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Calcium Signaling in Axon Guidance

by
Zhexing Wen
Graduate Program in Neuroscience

BS, 2001 Tsinghua University, China

Thesis Advisor: James Q. Zheng, PhD


CABM 010

Monday, June 9, 2008
10:00 am


Abstract

Abstract

Projection of developing axons over long distances to their appropriate targets is required for proper wiring and functioning of the intricate nervous system. In vivo, a variety of extracellular cues are present in a spatially and temporally regulated pattern to provide directional instructions to elongating axons, guiding them to appropriate targets. Ca2+ is an important second messenger that has been demonstrated to mediate the bi-directional growth cone responses, but downstream mechanisms remains largely unknown. Therefore, the focus of my thesis project is to understand how different turning responses are generated by distinct Ca2+ signals.
By using direct focal elevation of [Ca] through photolysis of caged Ca2+, I demonstrated that Ca2+-calmodulin-dependent kinase II (CaMKII) and calcineurin (CaN)-phosphatase-1 (PP1) act as downstream targets of Ca2+ signals to mediate attraction and repulsion, respectively. Significantly, CaMKII/CaN-PP1 acts as a bimodal switch to control the direction of growth cone turning in response to different Ca2+ signals (local and global) by preferentially activating one component over the other. A moderate local Ca2+ elevation preferentially activates CaMKII to induce attraction while a small local Ca2+ signal predominately acts through CaN and phosphatase-1 (PP1) to produce repulsion. Importantly, the resting level of [Ca2+]I at the growth cone directly influences the switch operation as it biases the local Ca2+ signal for differential activation of CaMKII and CaN: a normal baseline allows distinct turning responses to different local Ca2+ signals, while a low baseline favors CaN-PP1 activation for repulsion. Significantly, cAMP-pathway acts as a negative feedback, which negatively regulates the CaN-PP1 side of the switch to modulate growth cone responses.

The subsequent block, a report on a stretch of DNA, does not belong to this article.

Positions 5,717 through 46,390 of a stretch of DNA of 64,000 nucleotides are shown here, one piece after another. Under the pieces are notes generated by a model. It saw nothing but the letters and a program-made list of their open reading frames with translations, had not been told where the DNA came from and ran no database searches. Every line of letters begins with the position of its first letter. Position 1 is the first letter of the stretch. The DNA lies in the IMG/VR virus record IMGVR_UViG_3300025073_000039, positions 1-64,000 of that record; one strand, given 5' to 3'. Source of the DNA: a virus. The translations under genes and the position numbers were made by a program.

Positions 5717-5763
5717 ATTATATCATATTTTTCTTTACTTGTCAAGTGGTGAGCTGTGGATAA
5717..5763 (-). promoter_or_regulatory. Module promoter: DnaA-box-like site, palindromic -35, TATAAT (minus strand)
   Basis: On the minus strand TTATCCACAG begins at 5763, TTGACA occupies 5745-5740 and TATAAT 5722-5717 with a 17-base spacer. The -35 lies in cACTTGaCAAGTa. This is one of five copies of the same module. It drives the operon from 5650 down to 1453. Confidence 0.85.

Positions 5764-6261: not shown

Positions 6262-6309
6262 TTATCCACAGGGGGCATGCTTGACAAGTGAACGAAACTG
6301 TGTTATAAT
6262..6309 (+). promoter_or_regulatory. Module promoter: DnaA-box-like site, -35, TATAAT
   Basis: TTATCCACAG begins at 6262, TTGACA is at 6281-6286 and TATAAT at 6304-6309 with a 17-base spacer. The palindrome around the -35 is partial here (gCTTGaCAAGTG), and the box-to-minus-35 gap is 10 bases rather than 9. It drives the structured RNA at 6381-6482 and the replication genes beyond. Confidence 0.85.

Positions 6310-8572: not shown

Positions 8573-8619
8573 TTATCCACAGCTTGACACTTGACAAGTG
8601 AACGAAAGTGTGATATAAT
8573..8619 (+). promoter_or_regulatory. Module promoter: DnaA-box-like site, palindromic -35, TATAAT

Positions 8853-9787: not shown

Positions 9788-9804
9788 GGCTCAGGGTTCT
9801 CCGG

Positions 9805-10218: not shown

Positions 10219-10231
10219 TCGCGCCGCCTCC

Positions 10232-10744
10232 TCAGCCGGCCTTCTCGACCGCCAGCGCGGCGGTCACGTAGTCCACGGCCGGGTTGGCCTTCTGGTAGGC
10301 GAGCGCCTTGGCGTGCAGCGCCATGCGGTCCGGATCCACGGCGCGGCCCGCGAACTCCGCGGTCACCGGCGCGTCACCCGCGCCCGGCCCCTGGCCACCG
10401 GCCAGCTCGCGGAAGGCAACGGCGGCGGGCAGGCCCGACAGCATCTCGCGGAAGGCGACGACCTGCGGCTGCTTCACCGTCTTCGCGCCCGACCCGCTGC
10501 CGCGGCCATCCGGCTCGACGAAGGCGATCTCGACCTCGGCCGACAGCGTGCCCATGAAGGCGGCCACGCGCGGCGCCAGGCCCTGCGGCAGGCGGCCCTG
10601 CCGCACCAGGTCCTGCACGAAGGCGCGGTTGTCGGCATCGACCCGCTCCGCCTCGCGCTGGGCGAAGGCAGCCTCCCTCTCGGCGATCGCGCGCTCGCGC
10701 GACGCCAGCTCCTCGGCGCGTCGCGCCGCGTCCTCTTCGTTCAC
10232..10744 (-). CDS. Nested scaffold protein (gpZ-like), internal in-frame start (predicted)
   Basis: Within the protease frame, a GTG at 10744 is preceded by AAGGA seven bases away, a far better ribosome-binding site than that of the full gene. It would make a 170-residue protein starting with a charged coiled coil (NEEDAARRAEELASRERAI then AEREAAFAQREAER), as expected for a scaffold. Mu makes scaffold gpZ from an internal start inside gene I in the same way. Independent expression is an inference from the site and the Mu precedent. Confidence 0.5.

I further identified that Src kinase and focal adhesion kinase (FAK) act as the downstream effectors of Ca2+ signals to mediate Ca2+ dependent bi-directional growth cone turning responses. Importantly, serine phosphorylation of FAK at S732, which can be induced by Ca2+ signals through CaMKII, is required for Ca2+ dependent growth cone turning mediated by BDNF. Finally, I demonstrated that phosphorylation of ZBP1 at Y396 plays an essential role for BDNF-induced growth cone attraction, which has been shown to act as downstream of Src kinase to promote beta-actin local translation upon BDNF stimulation.
Taken together, these findings provide significant insights towards the downstream mechanisms underlying various turning behaviors induced by complex Ca2+ signals, and demonstrate that Src kinase/FAK play a key role in transducing Ca2+ signals to control Ca2+ dependent growth cone guidance.


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